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I have a dictionary of dictionaries named dictdict and it looks like:

dictdict = { 'key1': {'subkey1': 4, 'subkey2': 7}, 
             'key2': {'subkey1': 6, 'subkey2': 8} }

...and so on. dictdict has a few dozen keys and for each key a few dozen subkeys, with each subkey corresponding to a single integer value.

I want to append a list onto each individual value keeping the value that is already there as the first item in my new list of values. So the desired result would have the same dictionary of dictionaries structure as before, except instead of the subkeys corresponding to a single integer, they would correspond to a list containing integers and strings (so a list that contains my original value as the first item followed by various integers and strings).

I want to end up with something that looks like:

dictdict = { 'key1': {'subkey1': [4, 'apple', 37], 
                      'subkey2': [7, 'orange', 19]}, 
             'key2': {'subkey1': [6, 'kiwi', 76], 
                      'subkey2': [8, 'banana', 29]} }

When I try this...

#convert each nested value into a one item list
for key in dictdict:
    for subkey in dictdict[key]:
        dictdict[key][subkey] = [dictdict[key][subkey]] 

#now that our values are lists, append some items to the list
dictdict["key1"]["subkey1"].append('a1', a2) 

...it almost works, as I can append a list for each value (hooray!) however the first item in each list (my original value) is now a one item list of its own (oops!).

So I end up with


corresponding to this

[[4], 'a1', a2]

but I would like it to correspond to this

[4, 'a1', a2]

Also, it probably goes w/out saying, but I am a newbie.

share|improve this question
Your code almost worked for me. The loop converting the single values to lists, at least worked perfectly. The append call is buggy. Are you sure you didn't run the loop twice by mistake? –  Blckknght Feb 14 '13 at 3:34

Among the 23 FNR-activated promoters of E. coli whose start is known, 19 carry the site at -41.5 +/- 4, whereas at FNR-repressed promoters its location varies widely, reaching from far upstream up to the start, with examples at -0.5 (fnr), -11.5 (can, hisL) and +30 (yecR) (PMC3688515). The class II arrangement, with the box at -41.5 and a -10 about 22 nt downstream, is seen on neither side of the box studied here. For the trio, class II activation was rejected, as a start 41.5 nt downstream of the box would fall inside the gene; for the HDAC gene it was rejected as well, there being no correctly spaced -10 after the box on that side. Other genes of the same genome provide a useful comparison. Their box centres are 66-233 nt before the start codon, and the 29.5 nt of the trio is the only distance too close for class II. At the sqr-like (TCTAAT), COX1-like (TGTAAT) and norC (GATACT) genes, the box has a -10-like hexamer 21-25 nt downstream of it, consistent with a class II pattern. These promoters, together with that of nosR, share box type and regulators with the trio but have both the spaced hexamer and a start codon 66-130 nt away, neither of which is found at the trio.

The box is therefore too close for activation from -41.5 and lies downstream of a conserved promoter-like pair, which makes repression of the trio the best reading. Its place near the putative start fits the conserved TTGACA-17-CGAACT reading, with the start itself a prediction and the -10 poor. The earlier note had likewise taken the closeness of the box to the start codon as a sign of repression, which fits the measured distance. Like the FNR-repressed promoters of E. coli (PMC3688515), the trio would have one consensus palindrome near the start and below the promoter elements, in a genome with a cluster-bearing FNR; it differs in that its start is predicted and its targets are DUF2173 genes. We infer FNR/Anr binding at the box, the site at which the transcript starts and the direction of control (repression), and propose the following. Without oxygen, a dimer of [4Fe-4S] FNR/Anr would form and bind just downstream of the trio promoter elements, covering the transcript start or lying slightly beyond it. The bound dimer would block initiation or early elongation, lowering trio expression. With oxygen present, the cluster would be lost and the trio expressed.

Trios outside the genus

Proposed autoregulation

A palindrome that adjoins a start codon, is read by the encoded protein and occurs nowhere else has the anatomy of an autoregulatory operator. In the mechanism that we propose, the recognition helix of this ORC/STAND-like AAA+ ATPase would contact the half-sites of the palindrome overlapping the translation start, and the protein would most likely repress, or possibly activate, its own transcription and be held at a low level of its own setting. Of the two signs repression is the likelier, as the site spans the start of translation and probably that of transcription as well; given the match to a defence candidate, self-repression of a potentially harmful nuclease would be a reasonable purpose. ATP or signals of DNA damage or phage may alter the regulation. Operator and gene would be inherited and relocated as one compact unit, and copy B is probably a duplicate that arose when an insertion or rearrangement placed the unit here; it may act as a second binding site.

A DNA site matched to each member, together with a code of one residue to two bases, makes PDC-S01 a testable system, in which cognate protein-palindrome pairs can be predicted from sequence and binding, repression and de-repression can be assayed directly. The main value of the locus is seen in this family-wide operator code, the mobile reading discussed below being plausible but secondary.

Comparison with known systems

.append takes exactly one argument –  wim Feb 14 '13 at 3:39
try dictdict["key1"]["subkey1"] += ['a1', 'a2'] –  gnibbler Feb 14 '13 at 3:45

2 Answers 2

up vote 4 down vote accepted
>>> dictdict = { 'key1': {'subkey1': 4, 'subkey2': 7}, 'key2': {'subkey1': 6, 'subkey2': 8} }
>>> dictdict["key1"]["subkey1"]
>>> for v1 in dictdict.values():
...     v1.update((k,[v]) for k,v in v1.iteritems())
>>> dictdict["key1"]["subkey1"] += ['a1', 'a2']
>>> dictdict["key1"]["subkey1"]
[4, 'a1', 'a2']
share|improve this answer
This solved my problem. No more unwanted single item list as the first item in my desired list. Thanks @gnibbler –  Tim West Feb 14 '13 at 15:56

You can use a dict comprehension, like so:

dictdict = {k:{kk:[vv] for (kk, vv) in v.iteritems()} for (k, v) in dictdict.iteritems()}

For example, if this was your initial dict:

>>> dictdict
{'a': {'mm': 4}, 'b': {'qq': 6}}

Then the result would be:

>>> dictdict = {k:{kk:[vv] for (kk, vv) in v.iteritems()} for (k, v) in dictdict.iteritems()}
>>> dictdict
{'a': {'mm': [4]}, 'b': {'qq': [6]}}

This gets you to the point where you can append items to the nested list(s). You can do that with += or extend() if you are appending another list, or with append() if you are appending a single element at a time.

share|improve this answer
This Answer and the edits on additional explanation was helpful in furthering my understanding of dictionaries, being new to python and programming in general. I chose @gnibbler answer as the syntax was a little easier for me to comprehend. Thanks though. –  Tim West Feb 14 '13 at 15:49

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